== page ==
What to avoid in learning to gesture. The matter of how to make effective gestures by means of the hands and arms, like most other problems of action, can best be understood by knowing what not to do. My experience with college students has been that most of them are eager to learn how to employ gestures effectively in their speaking. This desire is not always apparent at first, but as soon as the preliminary steps of learning how to think and to express themselves on their feet have been fairly mastered, the question almost invariably comes, "Don't you think I ought to use a gesture in this sentence ? ” or "What kind of a gesture would be appropriate to use in this place ?” The desire to employ gesture of some kind is apparent, but the idea in almost every instance seems to be that the gesture is something that must be carefully determined upon beforehand and fitted in at the suggestion of the teacher. To most students it never occurs that by freeing the avenues of expression and by merely “letting themselves go,” the right gesture is almost sure to come spontaneously. Neither do they stop to consider that the worst thing they can do is to make a conscious attempt to execute a certain kind of gesture in a certain place. It is this consciousness of the act that, more than anything else, tends to make the gesture just what it ought not to be.

Let the student in the beginning of his training in gesture get as far away as possible from the idea that gestures are something that must be carefully planned and executed. So long as gestures are made with this thought in mind, there will be rigid muscles and the attendant angularity of movement that characterize most of the ill-looking gestures of beginners. It is the act performed spontaneously, rather than with conscious effort, that constitutes genuinely effective gesture.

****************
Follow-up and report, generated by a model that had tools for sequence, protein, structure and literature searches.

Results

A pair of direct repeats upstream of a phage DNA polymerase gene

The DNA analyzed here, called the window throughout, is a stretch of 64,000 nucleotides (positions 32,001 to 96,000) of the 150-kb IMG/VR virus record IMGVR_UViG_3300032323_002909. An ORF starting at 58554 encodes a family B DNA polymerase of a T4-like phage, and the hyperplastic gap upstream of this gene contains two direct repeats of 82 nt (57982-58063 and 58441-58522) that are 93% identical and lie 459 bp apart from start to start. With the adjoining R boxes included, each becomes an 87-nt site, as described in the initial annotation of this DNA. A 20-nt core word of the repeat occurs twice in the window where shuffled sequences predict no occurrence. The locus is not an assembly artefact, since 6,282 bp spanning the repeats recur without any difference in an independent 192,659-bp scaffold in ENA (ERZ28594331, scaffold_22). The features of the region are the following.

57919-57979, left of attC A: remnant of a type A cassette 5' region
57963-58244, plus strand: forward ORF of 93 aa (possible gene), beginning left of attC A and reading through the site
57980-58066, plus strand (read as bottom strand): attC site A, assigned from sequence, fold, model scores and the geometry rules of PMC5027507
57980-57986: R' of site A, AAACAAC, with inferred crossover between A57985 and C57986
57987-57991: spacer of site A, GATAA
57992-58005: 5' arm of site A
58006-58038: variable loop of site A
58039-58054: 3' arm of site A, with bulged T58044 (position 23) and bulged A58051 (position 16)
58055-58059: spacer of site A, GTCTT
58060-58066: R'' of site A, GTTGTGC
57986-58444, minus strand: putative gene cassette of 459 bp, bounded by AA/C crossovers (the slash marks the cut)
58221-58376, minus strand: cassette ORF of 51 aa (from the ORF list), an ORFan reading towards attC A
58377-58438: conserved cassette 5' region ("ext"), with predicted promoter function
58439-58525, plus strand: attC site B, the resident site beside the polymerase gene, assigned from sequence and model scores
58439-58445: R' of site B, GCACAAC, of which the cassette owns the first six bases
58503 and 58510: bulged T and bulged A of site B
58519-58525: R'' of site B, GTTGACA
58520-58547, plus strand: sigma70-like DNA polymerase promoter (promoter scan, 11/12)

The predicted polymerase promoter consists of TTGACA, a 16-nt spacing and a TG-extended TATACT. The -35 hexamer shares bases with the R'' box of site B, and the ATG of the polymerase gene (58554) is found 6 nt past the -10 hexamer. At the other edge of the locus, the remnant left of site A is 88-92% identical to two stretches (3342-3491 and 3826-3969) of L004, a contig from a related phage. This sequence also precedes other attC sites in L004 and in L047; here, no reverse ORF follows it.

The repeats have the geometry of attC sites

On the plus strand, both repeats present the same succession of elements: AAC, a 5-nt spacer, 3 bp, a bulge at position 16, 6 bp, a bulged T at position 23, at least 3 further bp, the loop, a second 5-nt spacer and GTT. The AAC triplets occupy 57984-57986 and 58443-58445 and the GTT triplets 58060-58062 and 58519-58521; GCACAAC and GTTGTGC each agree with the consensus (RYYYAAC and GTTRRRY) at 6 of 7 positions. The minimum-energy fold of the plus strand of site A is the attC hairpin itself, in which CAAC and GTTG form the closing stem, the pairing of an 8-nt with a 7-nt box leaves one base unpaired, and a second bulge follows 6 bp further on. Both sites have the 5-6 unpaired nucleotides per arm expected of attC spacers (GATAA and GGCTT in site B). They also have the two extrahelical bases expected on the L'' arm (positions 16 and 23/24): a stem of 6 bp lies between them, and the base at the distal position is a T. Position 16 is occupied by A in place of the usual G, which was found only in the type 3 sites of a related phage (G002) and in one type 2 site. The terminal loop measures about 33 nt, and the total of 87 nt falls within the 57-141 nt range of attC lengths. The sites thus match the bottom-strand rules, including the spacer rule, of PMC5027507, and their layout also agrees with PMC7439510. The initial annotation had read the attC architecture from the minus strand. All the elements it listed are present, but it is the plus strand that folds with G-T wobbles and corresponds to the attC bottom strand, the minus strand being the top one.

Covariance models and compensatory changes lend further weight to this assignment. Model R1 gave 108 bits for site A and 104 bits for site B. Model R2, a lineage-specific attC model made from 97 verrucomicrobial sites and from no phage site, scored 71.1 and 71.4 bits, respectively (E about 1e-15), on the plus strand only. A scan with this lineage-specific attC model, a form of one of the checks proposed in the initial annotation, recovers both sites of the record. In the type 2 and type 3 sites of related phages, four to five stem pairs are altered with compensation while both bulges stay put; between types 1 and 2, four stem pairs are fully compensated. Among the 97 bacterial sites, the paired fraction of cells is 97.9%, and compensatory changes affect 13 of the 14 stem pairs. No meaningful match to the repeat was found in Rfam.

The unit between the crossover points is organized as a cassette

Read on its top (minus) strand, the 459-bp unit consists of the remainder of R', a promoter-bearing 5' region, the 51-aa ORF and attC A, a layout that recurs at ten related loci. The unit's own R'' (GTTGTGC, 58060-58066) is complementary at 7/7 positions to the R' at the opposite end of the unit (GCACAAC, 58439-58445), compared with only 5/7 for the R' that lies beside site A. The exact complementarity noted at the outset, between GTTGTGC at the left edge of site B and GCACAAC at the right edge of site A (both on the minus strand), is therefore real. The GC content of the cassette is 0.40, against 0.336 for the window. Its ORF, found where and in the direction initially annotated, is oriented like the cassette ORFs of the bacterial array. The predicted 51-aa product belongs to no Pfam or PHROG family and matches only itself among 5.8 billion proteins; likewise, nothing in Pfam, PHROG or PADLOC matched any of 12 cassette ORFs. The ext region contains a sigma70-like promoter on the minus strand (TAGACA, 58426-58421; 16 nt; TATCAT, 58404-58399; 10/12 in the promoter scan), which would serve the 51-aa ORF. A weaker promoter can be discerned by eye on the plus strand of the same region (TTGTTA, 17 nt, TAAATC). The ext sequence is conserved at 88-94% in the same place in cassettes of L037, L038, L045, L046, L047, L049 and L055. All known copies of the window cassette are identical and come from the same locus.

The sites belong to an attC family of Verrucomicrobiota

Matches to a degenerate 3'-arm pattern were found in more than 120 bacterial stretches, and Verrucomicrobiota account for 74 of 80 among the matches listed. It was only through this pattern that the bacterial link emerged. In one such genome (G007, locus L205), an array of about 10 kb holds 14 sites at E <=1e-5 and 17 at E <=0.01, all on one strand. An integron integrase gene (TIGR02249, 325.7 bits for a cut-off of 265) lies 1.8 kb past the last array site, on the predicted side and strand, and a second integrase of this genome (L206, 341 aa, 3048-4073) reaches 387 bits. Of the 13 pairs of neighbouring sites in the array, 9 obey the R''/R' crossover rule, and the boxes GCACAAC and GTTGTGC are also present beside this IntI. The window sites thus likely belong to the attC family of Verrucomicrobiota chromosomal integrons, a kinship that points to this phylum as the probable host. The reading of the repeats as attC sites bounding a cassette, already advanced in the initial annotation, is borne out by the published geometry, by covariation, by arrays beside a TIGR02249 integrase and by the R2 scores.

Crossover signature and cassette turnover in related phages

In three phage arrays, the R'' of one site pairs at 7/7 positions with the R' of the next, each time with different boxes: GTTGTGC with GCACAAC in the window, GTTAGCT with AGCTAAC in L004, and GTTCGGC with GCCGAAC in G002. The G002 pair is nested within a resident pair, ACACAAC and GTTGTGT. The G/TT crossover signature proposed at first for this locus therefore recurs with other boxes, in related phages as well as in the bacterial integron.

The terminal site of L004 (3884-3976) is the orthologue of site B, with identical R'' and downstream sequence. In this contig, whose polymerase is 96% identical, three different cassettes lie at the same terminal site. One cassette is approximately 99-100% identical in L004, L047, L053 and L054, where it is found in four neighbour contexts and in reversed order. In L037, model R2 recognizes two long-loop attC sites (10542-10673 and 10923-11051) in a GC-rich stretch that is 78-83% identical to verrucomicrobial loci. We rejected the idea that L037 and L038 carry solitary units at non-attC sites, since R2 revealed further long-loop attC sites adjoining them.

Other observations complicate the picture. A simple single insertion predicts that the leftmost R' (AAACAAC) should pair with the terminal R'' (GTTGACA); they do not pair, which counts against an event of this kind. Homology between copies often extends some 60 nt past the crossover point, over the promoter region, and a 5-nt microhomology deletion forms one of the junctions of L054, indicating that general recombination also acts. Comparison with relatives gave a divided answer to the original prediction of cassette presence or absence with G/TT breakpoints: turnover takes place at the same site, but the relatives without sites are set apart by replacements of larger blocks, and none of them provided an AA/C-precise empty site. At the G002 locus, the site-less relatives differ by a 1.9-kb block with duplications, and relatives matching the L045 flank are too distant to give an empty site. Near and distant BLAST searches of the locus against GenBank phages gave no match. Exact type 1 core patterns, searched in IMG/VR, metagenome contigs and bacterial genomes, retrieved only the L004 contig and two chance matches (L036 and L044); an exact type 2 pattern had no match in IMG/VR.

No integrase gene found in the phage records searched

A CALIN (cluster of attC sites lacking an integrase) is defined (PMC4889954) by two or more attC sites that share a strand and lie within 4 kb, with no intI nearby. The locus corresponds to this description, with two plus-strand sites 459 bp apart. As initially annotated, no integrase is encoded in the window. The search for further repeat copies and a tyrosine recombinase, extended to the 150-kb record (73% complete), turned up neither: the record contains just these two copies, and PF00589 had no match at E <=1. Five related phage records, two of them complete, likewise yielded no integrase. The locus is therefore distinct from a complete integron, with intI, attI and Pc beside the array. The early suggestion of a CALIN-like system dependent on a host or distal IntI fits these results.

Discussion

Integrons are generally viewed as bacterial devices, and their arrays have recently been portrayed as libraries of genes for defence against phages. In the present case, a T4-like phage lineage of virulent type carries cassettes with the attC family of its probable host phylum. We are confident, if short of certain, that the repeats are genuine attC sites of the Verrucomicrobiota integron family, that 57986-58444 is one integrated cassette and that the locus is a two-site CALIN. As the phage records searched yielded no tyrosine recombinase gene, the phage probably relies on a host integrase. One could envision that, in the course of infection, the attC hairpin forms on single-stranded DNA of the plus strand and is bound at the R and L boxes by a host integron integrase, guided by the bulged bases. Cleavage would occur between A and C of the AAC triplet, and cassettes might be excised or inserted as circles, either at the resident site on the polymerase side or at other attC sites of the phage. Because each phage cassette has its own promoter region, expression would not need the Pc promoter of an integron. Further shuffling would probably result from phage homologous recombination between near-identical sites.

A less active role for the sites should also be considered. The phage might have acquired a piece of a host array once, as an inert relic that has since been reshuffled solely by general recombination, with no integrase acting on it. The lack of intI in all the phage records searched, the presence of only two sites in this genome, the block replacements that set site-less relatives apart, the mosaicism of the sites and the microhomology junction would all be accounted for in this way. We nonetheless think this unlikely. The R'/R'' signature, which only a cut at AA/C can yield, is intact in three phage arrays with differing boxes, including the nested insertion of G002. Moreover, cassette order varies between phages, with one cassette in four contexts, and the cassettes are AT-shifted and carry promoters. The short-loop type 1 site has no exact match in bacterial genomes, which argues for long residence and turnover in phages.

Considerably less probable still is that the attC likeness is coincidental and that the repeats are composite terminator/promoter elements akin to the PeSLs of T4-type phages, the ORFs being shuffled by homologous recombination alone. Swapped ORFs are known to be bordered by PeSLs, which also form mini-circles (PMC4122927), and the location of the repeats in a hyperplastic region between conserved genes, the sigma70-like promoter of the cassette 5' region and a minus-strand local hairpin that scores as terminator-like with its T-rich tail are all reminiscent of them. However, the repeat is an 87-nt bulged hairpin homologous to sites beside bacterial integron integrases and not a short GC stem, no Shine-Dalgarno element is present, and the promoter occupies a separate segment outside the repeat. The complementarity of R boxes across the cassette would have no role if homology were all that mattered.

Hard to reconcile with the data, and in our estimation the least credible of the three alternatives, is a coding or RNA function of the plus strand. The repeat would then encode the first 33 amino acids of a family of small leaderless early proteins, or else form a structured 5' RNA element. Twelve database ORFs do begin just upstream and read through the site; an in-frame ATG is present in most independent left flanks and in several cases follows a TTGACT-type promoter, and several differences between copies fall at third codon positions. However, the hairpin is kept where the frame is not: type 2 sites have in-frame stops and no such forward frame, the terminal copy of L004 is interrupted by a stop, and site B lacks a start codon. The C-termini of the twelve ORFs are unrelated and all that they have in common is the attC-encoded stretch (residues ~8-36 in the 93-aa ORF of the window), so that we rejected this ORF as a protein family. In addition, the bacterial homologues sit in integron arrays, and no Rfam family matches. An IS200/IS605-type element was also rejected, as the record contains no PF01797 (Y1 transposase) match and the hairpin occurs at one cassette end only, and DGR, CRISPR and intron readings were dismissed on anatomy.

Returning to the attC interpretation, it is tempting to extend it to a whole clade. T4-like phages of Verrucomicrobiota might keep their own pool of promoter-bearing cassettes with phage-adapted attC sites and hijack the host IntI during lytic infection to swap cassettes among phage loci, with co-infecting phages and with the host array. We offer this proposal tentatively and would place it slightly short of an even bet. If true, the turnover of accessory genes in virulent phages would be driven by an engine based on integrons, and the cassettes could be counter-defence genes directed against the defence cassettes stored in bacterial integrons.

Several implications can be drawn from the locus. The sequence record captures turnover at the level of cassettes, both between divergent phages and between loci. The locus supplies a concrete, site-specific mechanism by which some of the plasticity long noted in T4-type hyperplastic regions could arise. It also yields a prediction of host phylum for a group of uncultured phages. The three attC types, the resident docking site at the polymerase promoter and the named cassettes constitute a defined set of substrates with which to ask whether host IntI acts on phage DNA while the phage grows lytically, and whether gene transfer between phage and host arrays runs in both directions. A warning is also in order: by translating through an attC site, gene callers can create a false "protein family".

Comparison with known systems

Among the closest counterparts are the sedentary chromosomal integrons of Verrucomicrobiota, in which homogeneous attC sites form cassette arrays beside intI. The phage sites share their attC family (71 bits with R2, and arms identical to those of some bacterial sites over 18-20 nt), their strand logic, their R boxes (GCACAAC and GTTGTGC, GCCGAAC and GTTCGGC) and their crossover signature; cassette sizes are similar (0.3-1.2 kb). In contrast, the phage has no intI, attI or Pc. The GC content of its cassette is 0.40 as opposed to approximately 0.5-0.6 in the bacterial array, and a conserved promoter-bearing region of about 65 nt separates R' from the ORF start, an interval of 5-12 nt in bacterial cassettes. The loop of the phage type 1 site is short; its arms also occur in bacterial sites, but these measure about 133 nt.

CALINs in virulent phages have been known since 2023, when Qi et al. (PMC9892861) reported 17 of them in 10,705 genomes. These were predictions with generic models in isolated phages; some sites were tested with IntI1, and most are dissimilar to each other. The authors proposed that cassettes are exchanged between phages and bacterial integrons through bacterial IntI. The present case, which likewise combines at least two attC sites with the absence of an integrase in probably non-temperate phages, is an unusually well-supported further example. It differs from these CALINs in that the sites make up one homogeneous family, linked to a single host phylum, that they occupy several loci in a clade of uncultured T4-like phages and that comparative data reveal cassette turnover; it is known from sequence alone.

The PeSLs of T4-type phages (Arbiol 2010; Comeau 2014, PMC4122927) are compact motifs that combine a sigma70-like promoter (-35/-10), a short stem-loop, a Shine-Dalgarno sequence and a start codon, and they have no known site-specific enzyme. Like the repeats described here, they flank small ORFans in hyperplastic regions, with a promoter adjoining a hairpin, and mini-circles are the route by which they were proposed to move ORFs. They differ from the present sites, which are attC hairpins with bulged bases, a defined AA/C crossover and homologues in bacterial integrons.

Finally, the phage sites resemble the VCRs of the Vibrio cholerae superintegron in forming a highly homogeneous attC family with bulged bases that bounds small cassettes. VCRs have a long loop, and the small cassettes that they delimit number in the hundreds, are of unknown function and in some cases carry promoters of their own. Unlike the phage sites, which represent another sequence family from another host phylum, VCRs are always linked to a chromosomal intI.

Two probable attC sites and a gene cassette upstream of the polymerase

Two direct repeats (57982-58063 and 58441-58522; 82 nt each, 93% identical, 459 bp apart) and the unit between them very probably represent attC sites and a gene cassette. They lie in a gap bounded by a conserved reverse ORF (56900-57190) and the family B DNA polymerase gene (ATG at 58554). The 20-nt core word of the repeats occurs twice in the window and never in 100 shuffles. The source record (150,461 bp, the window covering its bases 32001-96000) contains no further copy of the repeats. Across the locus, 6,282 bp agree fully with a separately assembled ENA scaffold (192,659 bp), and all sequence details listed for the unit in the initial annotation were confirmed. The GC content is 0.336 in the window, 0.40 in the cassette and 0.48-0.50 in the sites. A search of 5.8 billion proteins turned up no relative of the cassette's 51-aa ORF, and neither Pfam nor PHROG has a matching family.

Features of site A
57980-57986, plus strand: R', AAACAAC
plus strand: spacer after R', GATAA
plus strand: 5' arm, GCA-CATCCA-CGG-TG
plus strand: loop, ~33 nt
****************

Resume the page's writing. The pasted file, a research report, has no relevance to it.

What to seek in learning to gesture. The pupil is often told that the thing most needed in acquiring the ability to gesture well is relaxation. I purposely avoid the use of the term in this connection, as to many students it connotes a certain limpness, which is not at all the thing to be desired. No one admires the person whose handshake has the limpness of the proverbial dishrag; neither does anyone like to see gesture that is of the same kind. What is to be desired is a suppleness of muscles that will render the speaker free to make gestures that have no element of rigidity or angularity and that are sufficiently graceful not to attract attention.

The problem is not unlike that of one who attempts to learn the art of dancing. So long as the muscles are tense, so that there is no freedom of the body and limbs, there will be angularity and awkwardness. But as soon as the learner gains a sense of being able to give himself to the rhythm of the music, these things tend to disappear, and he becomes able to perform the act with ease and grace. The same is true of the art of gesture. As long as there is a conscious attempt at gesture, the muscles are almost sure to remain rigid. But when the speaker reaches the point where his hands and arms become more or less passive agents that act only when prompted by impulse, rather than very active and dynamic agents of expression, then rigidity is readily overcome and the employment of effective gesture becomes easy.

The prime essential of gesture training, therefore, is to lose all thought of the act of gesture as a difficult undertaking to be laboriously pursued, and to think of nothing but how to render the bodily agents free to act whenever impulses induced by thought or feeling call upon them to do so. This condition, under ordinary circumstances, can be acquired by a simple system of calisthenics that will give the body the desired freedom and